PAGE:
Saturday marked the 20th anniversary of Hillary Clinton's speech at the U.N.'s Fourth World Conference on Women, which occurred on September 5, 1995. The lengthy, powerful remarks that Clinton delivered almost didn't come about due to political unrest in China. An ultimatum was made following the arrest of prominent activist Harry Wu in which Clinton would not deliver her speech if the Chinese government didn't release Wu prior to the event. All worked out and Wu's initial 15-year sentence was effectively dissolved. Clinton's subsequent appearance marked an important moment in international women's rights advocacy. Innumerable quotes from Hillary's 1995 women's rights speech still ring true today.
The speech was delivered just outside Beijing while Clinton was still First Lady and had yet to formally enter politics. Her remarks highlight a consistent commitment to women's rights, which she'd addressed that same year by helping to establish the Department of Justice's Violence Against Women office long with Attorney General Janet Reno in addition to working extensively with Madeleine Albright on similar issues. Clinton has consistently worked hard to address a wide variety of women's rights issues via both the Clinton Foundation and as an elected official. During her two terms as a New York senator, Clinton further broadened her focus to include children and family rights, all of which are touched upon in her 1995 women's rights speech.
Clinton began the speech first by highlighting an important oration that preceded her own in Nairobi during the U.N.'s Third World Conference on Women. The 1985 conference marked one of the first times that the issue of domestic violence was highlighted on an international level:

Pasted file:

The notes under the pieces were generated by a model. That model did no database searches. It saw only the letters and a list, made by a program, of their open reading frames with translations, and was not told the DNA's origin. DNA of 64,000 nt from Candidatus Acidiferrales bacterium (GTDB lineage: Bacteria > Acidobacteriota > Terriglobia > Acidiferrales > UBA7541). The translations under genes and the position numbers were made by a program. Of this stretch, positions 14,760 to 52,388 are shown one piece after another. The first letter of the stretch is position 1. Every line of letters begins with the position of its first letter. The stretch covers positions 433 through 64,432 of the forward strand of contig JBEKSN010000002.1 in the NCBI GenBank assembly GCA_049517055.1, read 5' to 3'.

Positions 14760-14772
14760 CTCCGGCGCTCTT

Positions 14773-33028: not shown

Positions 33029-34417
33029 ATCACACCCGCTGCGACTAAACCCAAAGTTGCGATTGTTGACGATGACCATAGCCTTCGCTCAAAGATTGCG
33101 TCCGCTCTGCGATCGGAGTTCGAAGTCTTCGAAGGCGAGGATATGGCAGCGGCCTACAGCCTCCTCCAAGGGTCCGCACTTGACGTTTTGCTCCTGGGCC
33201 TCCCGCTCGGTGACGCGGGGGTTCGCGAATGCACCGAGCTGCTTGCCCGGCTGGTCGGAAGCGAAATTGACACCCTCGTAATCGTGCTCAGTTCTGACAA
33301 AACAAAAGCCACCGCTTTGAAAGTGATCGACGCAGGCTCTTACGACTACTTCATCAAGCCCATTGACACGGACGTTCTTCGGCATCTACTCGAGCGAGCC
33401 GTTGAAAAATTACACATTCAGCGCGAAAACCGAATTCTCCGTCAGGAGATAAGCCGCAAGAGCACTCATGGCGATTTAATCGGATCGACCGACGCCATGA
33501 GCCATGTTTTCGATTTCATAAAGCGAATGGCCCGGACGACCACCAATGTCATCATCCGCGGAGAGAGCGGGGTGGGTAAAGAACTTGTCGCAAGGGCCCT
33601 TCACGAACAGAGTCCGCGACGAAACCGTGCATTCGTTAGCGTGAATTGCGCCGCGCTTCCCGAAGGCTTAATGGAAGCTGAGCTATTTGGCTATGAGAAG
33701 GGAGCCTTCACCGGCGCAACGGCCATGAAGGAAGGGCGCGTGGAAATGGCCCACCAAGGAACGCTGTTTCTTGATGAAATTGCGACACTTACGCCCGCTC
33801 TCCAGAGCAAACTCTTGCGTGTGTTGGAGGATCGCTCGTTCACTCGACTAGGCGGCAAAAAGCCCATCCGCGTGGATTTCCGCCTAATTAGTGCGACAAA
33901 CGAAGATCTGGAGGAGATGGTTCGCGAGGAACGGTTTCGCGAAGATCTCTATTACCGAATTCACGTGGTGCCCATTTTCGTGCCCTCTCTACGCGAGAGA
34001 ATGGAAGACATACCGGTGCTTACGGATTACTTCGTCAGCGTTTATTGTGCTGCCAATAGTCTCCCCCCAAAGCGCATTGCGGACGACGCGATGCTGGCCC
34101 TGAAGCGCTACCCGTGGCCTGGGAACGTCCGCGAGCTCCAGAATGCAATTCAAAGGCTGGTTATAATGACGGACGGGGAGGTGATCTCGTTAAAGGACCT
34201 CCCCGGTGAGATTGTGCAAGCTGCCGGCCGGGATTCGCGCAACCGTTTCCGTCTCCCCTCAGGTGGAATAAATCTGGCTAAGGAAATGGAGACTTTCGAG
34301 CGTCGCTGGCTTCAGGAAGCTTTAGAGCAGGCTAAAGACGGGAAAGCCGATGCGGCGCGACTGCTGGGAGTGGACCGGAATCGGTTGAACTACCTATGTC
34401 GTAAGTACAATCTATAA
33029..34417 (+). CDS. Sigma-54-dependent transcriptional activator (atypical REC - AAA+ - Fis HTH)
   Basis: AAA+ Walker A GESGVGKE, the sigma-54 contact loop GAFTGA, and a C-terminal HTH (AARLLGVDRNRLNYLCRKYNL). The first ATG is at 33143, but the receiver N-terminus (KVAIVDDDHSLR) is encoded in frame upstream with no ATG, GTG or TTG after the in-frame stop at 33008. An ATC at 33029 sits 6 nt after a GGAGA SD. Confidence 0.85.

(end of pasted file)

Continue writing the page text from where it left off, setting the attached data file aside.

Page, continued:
It is conferences like this that compel governments and peoples everywhere to listen, look, and face the world's most pressing problems. Wasn't it after all — after the women's conference in Nairobi 10 years ago that the world focused for the first time on the crisis of domestic violence?
Clinton's earnest plea for those advocating for women's rights advocates to strive for religious understanding is especially important given the many issues still faced by those in more orthodox faiths. Even in appearance, it can be difficult to determine whether a woman is comfortable and respected, as with the prevalence of burqa bans in Europe. Clinton had this to say about respecting women's rights and their faiths:
We need to understand there is no one formula for how women should lead our lives. That is why we must respect the choices that each woman makes for herself and her family. Every woman deserves the chance to realize her own God-given potential. But we must recognize that women will never gain full dignity until their human rights are respected and protected.
Clinton further reaffirmed that point and highlighted the ways in which human rights documents like the U.N.'s Vienna Declaration and Programme of Action, which was adopted in 1993, are pivotal to absolute equality: